Mumbai, 11 June 2009: On 12th June 2009 – World Anti Child Labour Day, CRY is launching a year-long campaign to ‘Send children to school, not work’. CRY will send out a placard “Children should go to school, not work” to supporters on online portals. The invite is to get as many people as possible to pose with the placard in as creative a manner as possible and get a photograph taken and send these photos to CRY.
“Through a series of such campaigns and on-ground activities the volunteers are looking to make citizens aware of the many schemes available to children and their families that help enroll children in school. CRY volunteers have involved about 3000 people in Mumbai in the past year in the campaign”, said Puja Marwaha, Director-West, CRY.
“Not a single rehabilitation policy comprehensively addresses all aspects that push children in to labour. It is our duty as citizens to use our voices and our learning to stand up for the rights of children who are forced to work and whose childhoods are lost on construction sites, in looking after siblings, in illegal factory settings and in hotels and restaurants,” said CRY Volunteer Krishna Singh, and independent professional who has been a CRY volunteer for the past year in campaigning against child labour.
Through the year the citizens of Maharashtra will use various events to build a voice for Child Rights, one event at a time, one person at a time. “This campaign will not stop till children are assured of their right to a present AND a future”, avows Havovi Wadia, Manager, Child Rights and You.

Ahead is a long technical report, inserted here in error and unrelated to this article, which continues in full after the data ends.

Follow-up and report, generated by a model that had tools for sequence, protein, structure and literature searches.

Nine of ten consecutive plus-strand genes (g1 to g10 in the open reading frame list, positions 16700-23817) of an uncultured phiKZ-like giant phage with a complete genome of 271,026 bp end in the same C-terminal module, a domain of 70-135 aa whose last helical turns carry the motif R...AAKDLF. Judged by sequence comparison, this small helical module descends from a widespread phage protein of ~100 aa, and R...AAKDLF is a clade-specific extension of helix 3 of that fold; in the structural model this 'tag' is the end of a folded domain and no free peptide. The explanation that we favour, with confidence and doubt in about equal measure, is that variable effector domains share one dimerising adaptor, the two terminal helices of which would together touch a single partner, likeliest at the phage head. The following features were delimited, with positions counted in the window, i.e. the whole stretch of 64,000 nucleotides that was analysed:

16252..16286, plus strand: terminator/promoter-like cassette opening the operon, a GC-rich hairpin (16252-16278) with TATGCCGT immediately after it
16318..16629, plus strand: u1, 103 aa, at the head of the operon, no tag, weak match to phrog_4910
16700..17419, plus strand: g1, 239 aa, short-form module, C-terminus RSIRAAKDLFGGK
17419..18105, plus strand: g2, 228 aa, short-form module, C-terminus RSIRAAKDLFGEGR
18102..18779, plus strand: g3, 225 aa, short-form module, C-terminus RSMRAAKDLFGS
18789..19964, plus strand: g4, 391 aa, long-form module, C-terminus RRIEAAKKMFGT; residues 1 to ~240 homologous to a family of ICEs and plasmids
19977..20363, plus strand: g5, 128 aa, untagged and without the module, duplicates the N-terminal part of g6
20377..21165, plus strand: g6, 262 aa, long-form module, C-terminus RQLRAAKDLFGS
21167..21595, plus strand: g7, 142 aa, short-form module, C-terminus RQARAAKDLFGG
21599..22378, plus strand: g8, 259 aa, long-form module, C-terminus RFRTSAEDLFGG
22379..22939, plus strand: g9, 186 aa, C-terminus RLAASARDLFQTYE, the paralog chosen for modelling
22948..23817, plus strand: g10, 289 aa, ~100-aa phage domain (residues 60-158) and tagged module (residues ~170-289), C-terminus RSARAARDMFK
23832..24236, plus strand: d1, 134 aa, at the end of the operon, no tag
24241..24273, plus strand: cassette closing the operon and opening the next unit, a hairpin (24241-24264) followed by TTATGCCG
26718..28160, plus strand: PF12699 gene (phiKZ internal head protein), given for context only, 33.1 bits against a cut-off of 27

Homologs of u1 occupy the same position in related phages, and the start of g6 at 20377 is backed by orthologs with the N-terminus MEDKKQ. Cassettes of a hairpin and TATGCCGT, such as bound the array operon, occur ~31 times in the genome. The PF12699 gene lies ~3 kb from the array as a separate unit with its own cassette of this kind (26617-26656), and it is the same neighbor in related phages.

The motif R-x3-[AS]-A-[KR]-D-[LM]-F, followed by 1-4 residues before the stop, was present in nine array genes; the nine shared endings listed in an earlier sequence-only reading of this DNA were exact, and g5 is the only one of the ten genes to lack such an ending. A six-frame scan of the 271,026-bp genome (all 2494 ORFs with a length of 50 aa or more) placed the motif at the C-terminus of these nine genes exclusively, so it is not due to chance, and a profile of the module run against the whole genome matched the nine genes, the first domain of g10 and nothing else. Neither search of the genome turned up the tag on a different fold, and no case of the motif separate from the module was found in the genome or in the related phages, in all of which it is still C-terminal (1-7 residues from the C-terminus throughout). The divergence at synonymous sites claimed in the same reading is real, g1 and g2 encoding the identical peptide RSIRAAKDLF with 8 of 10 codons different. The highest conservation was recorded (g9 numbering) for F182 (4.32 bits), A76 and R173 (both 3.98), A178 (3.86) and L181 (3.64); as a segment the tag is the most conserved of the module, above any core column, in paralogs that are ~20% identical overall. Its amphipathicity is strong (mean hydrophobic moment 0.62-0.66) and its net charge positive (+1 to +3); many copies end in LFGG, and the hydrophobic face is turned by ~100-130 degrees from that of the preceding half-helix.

CRY volunteers will go to bookshops, colleges, schools, communities, through the months of June and July to encourage people to actively support the right of all children to go to school, not work
All the photo signatures will be part of a short film to be uploaded on the Internet on August 15th. Copies of the photo signatures and the film will be sent to the Labour Commissioner, the Department of Women and Child Department, MPs and MLAs in Mumbai.
Note to the Editor:
CRY – Child Rights and You earlier known as Child Relief and You – is India’s leading advocate for child rights. Over 30 years CRY has partnered with NGOs, communities, government, the media and is dedicated to mobilising all sections of society to eliminate the root causes of deprivation, exclusion, exploitation and abuse. For more information please visit us at www.cry.org
For Further information, please contact:
Child Rights and You ( CRY ) email@example.com (022) – 23010445
Genesis Burson-Marsteller Nikita Crasta/Anandhi Vishwanathan Tel: 91-22-2491 1783 / 9820072973
CRY has learnt that children continue to be exploited and abused because the State and people are not addressing the problems of children comprehensively and effectively. The standard response to child labourers in Mumbai, for instance, is one of ‘rescue’ rather than looking at the poverty that sent children to labour in the first place. Only ‘rescuing’ children, often will not help. What is needed is proper rehabilitation, including bridge courses for children to make up in years of lost schooling, ensuring good quality free government schools, good backup in health services and adequate employment and housing for the adults.